Undaunted, Brown eventually began meeting a bevy of then-fledgling Atlanta artists including B.o.B, Yung Joc and Gorilla Zoe. "I started getting calls from rappers to work on their stuff and at a certain point Rodney Jerkins reached out." Jerkins, the prolific hitmaker otherwise known as Darkchild, was then riding high as a producer of the Lady Gaga/Beyonce hit "Telephone" and famous for cuts for the likes of Michael Jackson and Destiny's Child. "He wanted to do a deal with me and one of my partners, so I moved to Los Angeles and worked with him for quite awhile." It was through Jerkins that Brown enjoyed his first mainstream smash, the 2011 Black Eyed Peas earworm "Just Can't Get Enough." "It was me, Rodney and another guy. Rodney was playing the piano and we were working on about 10 ideas. There was something about 'Just Can't Get Enough' that was special. Rodney showed it to and we heard he liked the song. We didn't hear anything again until it was released."

With a bona fide hit to his name, Brown reinvested the profits he made from the smash into his career, including developing artists and signing writers, thus laying the building blocks of what would become his publishing and production company District 412, named after Pittsburgh's area code. It was also around this time that Brown was asked to work with a popular teen actress mostly known for starring in the zany Nickelodeon sitcom Sam and Cat. "One of my publishers was like, 'Hey we have a girl named Ariana Grande and they need a producer for her session,'" Brown remembers of his first brush with the young pop songstress. "Me and Ariana did a couple of sessions that went pretty well, but we connected outside of the studio and developed a friendship." Brown points to the fact that he and Grande had "similar mentalities" when it came to the creative process. "It was a genuine friendship. I didn't need her for anything and she didn't need me for anything. We just enjoyed the music that we did together."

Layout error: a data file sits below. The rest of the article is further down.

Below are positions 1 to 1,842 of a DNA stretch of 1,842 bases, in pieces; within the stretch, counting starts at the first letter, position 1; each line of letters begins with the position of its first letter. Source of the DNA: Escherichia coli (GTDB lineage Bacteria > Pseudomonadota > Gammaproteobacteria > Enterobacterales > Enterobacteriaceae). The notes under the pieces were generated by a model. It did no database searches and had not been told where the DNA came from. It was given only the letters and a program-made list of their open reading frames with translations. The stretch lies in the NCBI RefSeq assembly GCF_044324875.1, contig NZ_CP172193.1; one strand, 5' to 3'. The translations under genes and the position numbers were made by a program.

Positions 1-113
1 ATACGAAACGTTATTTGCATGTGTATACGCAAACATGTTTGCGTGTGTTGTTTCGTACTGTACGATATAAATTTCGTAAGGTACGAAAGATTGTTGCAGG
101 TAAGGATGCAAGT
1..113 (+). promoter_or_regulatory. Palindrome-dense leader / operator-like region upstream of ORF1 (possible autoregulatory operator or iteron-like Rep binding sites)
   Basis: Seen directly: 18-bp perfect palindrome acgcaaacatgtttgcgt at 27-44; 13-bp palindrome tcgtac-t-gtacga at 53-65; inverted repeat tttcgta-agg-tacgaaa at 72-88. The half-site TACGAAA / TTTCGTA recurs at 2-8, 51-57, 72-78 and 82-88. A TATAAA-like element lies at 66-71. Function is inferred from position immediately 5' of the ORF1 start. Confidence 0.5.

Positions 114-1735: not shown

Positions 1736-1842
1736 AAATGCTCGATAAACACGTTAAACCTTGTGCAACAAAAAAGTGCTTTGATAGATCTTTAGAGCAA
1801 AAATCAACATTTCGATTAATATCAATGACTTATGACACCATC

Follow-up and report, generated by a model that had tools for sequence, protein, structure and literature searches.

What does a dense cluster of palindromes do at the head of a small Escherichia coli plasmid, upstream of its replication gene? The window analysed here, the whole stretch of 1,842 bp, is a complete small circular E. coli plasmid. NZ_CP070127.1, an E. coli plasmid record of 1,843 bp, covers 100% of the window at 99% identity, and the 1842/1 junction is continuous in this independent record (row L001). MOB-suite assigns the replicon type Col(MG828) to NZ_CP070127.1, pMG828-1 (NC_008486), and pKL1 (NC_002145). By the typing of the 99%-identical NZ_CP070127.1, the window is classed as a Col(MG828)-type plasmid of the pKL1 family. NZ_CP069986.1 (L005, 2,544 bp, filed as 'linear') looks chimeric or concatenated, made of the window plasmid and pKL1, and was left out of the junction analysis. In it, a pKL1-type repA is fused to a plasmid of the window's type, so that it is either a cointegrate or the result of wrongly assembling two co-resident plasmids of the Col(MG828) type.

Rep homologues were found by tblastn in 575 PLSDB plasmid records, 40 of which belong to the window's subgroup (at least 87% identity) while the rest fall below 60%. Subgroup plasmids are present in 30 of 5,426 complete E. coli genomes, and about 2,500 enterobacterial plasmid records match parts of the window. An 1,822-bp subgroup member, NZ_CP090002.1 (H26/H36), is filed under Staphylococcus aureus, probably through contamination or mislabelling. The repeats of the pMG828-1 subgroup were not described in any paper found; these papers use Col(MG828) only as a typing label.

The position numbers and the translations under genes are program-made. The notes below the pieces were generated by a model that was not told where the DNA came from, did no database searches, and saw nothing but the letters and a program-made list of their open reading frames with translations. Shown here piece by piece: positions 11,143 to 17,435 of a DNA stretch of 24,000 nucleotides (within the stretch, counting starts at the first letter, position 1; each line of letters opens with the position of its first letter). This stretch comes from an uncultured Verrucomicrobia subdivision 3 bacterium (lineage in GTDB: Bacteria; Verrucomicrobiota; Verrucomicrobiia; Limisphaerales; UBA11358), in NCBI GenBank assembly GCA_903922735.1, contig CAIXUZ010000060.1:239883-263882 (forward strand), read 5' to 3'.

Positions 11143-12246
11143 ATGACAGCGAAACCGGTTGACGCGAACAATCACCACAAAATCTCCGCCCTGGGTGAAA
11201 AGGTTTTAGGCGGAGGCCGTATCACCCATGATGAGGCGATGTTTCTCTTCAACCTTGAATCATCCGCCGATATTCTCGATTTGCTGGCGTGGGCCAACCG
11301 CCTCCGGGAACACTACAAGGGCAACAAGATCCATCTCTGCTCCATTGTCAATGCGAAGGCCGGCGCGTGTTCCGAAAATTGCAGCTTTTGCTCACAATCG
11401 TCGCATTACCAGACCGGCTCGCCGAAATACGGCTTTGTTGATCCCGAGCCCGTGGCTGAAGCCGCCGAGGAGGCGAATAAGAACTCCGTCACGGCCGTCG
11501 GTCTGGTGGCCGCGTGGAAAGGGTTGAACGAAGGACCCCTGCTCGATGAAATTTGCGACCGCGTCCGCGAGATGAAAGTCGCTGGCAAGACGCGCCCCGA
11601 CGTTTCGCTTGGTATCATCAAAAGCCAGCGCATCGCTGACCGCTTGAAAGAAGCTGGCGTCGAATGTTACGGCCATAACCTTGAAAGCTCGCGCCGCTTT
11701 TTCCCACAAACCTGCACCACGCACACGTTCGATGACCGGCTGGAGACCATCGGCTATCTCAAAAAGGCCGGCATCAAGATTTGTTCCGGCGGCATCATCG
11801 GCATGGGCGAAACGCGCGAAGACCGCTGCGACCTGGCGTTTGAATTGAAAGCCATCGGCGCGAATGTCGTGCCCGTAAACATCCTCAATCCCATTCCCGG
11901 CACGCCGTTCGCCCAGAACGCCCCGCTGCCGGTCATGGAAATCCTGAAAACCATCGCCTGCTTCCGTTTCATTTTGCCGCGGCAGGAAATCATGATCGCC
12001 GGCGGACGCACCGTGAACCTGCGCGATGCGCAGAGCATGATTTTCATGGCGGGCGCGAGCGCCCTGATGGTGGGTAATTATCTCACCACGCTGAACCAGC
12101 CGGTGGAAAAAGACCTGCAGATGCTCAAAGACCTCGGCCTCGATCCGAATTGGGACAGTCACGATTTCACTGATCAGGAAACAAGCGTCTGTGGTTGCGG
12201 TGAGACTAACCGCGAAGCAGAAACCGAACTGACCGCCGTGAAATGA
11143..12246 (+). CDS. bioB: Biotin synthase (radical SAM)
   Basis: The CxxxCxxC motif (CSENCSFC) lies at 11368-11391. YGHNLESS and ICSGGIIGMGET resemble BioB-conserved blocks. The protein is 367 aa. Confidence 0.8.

From there, Grande became Brown's most frequent and closest collaborator, with the producer first landing two cuts ("Honeymoon Ave" and "Daydreamin'") on what would become her debut album Yours Truly, and later on all of her subsequent releases. "We did half of Dangerous Woman together, four songs on My Everything, three on Sweetener and the entire Christmas & Chill EP." It's a collaboration that has varied from project to project. "Sometimes I bring a beat, sometimes she comes with a concept. Sometimes she's going through something in her life and needs to vent through music or vice versa. Each record is different and every song we create has its own special place."

When it comes to "Thank U, Next," Brown surmises the resounding success of the song is going to change the way pop music at large is released. "The way it came out was less like a pop star and more like a rapper," he says of Grande's choice to comment on both her personal life and public chatter on a track in real time to spectacular results. It's also a genre Brown, who's recently been in the studio with Normani and Zara Larsson, wants to continue to morph. "I like producing pop music. A lot of my friends produce hip-hop and they're like, 'Pop's dead, pop's dead.' Yeah, until it sneaks back up on you as the No. 1 record." The coup has also reinvigorated District 412, which counts both Social House & Ayden as signed talent and boasts a partnership with Grande's manager, Scooter Braun.

It's all a long way from handing out burned CDs at clubs back in Atlanta. "Nineteen-year-old Tommy would have said, 'I can't believe it took you this long,'" he laughs. "I'm very humbled by the whole experience. I had so many huge dreams and big plans, so this is the first step to getting where I really want to go. We got a No. 1 out of the way. What's next?"